Hassle factor linked to misleading of insurers. (Getting Medical Services Covered).
When researchers posed that question to 1,617 randomly selected American physicians, 77% said they would appeal a decision they disagreed with, while 12% said they would accept the company's decision to deny coverage, and 11% indicated they would deliberately mislead the insurer to obtain medically necessary services for a patient.
But the respondents' willingness to mislead an insurer increased as the "hassle factor" surrounding the appeal increased, Dr. Caleb Alexander said in a poster session at the annual meeting of the Society of General Internal Medicine.
Dr. Alexander and his colleagues at the University of Pennsylvania Health System presented each doctor with a hypothetical scenario in which an insurance company refused to pay for a medically important service. They varied the "hassle factor" by changing the time required to make an appeal and the likelihood of successfully appealing. They also varied the severity of the patient's condition from moderate low back pain to severe angina. The subjects were asked if the patient's physician should accept the insurance company's restriction, appeal the restriction, or misrepresent the facts to the insurance company in order to obtain coverage for the patient.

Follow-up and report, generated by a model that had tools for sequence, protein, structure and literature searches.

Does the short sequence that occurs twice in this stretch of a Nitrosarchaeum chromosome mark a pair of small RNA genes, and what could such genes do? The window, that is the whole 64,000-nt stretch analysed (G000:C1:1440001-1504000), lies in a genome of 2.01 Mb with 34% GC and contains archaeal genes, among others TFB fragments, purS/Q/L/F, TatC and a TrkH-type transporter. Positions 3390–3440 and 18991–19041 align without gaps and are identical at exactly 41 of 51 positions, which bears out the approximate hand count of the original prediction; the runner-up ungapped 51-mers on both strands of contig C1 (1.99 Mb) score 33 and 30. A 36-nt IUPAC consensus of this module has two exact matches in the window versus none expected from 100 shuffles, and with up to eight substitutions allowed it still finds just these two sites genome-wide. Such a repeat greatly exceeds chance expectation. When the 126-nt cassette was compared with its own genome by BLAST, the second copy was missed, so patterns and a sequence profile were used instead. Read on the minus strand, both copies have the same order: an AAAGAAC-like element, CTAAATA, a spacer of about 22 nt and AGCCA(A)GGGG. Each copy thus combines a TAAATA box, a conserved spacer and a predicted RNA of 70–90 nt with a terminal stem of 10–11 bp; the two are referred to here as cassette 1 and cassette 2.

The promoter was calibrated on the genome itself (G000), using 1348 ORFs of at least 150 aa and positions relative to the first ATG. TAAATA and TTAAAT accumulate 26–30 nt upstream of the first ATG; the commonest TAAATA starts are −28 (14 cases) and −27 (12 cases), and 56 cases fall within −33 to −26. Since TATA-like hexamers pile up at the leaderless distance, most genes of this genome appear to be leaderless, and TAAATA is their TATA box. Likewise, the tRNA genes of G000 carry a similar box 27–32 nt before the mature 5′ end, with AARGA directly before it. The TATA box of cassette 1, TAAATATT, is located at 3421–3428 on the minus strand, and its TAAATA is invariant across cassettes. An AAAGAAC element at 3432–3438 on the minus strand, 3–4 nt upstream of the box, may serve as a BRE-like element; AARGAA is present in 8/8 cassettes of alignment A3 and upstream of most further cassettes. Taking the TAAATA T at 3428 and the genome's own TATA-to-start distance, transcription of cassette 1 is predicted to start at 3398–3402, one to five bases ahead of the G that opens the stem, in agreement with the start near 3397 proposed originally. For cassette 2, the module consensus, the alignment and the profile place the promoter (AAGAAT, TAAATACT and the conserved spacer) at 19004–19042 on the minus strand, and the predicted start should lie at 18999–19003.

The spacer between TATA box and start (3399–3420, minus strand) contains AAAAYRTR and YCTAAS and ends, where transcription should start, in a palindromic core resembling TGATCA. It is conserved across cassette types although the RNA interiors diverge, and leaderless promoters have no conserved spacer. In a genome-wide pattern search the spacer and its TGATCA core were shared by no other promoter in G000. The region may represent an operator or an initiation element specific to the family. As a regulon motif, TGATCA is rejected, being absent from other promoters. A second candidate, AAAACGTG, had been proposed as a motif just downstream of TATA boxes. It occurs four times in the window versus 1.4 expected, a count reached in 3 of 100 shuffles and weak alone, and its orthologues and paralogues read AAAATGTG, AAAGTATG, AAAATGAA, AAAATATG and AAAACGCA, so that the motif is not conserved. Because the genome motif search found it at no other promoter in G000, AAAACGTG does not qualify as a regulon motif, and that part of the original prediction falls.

"We found that as the likelihood of a successful appeal decreased or the amount of time for the appeals process increased, doctors were increasingly likely to misrepresent the facts" for patients whom they perceived to have life-threatening conditions, Dr. Alexander said during an interview.
Doctors who were asked about the severe angina case, for example, were more likely to misrepresent the facts to the insurer rather than appeal as the appeals process became more cumbersome. When asked about a patient with moderate low back pain, physicians' decisions about how to respond to an insurance company restriction were not significantly affected by the hassle associated with the appeals process.
The odds ratio that a physician would lie due to a lengthy appeals process was 1.68; if the appeal was less likely to succeed, the ratio was 1.57, and if the condition was more severe, 2.19.
This study "confirms that a substantial minority of doctors are willing to misrepresent information to insurance companies to get medically necessary care for their patients," Dr. Alexander commented.
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|Publication:||OB GYN News|
|Date:||Nov 15, 2001|
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